Augusta has been challenged to be more “cool.”
Thursday night was a great start.
Coming together over the heated national debate about Confederate memorials and monuments, several hundred Augustans kept their cool and shared their thoughts, handshakes and even hugs at an NAACP rally at the Broad Street monument.
The crowd was a rainbow of ethnicities and views – with one white speaker urging the memorial be taken down and a black participant making a case for its continued presence.
One pair who appeared to initially assume they held contrary views ended up with not only more agreement than expected but a hug afterward.
Anything that could grow into trouble was nimbly nipped in the bud by Richmond County Sheriff Richard Roundtree and his trained and ready deputies. At one point, Roundtree himself joined in to help nicely nudge a vocal onlooker – who wanted a little more “passion” at the event – smartly down the street.
Though some are already trying to leave no room for discussion – which is the kind of starting position that leads to conflict – this was the start of a community-wide dialogue on the subject.
While an inscription on the monument’s base is unfortunate, perhaps misunderstood, but inarguably hurtful to many – that “No nation rose so white and fair: none fell so pure of crime” – it is but one aspect of a very delicate, complicated discussion, a meeting of the minds that absolutely must lead to further reconciliation, 150 years after the great conflagration.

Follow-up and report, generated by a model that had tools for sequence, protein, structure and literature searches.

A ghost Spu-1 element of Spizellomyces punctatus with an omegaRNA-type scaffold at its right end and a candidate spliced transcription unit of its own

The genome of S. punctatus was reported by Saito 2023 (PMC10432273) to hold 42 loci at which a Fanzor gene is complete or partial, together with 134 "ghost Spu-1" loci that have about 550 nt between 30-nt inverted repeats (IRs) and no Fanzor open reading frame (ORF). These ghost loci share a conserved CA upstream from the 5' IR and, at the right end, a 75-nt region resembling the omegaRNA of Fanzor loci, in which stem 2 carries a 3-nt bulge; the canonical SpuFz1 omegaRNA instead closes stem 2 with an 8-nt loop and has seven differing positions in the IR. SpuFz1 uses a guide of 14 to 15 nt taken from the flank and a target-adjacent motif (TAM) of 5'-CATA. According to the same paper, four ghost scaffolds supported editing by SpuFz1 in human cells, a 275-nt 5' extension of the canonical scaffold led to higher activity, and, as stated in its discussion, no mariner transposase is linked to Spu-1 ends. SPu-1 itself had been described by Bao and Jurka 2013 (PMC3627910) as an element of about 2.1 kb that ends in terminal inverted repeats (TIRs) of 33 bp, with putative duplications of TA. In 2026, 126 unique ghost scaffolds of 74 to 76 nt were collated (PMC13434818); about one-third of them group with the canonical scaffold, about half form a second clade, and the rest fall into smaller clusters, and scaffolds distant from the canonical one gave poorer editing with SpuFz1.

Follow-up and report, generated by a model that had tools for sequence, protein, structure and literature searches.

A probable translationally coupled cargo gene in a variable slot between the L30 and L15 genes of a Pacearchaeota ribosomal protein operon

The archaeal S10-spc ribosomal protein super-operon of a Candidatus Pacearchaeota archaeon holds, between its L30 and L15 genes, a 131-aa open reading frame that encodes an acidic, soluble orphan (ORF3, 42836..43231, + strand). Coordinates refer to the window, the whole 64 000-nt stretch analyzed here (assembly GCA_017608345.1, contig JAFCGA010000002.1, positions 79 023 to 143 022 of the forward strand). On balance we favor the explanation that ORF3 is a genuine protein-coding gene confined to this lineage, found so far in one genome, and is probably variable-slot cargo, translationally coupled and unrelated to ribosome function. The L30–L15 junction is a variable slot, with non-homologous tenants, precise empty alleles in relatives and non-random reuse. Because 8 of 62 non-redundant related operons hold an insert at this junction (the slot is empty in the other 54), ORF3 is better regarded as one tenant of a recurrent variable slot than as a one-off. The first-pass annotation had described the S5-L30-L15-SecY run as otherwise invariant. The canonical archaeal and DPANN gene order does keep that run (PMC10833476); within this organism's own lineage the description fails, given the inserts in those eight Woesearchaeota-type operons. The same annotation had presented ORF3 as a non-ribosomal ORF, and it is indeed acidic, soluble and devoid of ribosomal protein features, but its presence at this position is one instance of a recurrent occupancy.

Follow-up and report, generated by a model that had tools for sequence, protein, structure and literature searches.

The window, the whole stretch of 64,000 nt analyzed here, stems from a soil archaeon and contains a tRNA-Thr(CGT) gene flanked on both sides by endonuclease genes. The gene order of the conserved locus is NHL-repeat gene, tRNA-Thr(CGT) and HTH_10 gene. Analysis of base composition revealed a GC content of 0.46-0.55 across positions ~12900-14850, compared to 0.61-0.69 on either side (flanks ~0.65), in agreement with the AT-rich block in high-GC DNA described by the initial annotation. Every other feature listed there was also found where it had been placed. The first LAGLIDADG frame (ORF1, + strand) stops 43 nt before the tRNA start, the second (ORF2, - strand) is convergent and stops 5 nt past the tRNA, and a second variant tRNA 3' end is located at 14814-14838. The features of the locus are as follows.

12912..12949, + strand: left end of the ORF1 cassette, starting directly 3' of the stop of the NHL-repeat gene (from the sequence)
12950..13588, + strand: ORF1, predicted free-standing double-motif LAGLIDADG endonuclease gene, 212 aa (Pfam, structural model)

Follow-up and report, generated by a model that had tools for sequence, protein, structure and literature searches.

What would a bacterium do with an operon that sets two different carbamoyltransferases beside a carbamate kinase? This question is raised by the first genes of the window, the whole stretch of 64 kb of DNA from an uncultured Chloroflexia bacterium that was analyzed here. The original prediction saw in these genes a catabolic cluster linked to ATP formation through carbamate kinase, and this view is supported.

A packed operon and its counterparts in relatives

One of those aspects is the background and character of the soldier at the top of the monument – Berry Greenwood Benson, of the bygone hamlet of Hamburg across the river (now North Augusta, S.C.) whose last living relative is an Augustan, and who appears quite worthy of remembrance. The Chronicle explores Benson’s legacy in a story coming Sunday.
Also Sunday, the Chronicle’s Opinion section features three columns by learned locals on Confederate monuments and how to endure the current national heatwave. It turns out, as Nathan Jolles writes, that the way to stay cool is through emanating warmth.
We look forward to an extended, thoughtful community discourse on these very emotional issues. We hope Augusta can provide a new national standard for how to see it through not only peacefully, but graciously.
We applaud Sheriff Roundtree and his officers for providing a safe, civil atmosphere for this long-needed exchange to begin. And we hope the coming conversation can also channel passions into attacking some of our even greater challenges, such as education, poverty, hopelessness and meaning.
The tools we need to use in the matter at hand – civility, respect, kindness and, yes, love – will be just as essential on our more pressing problems.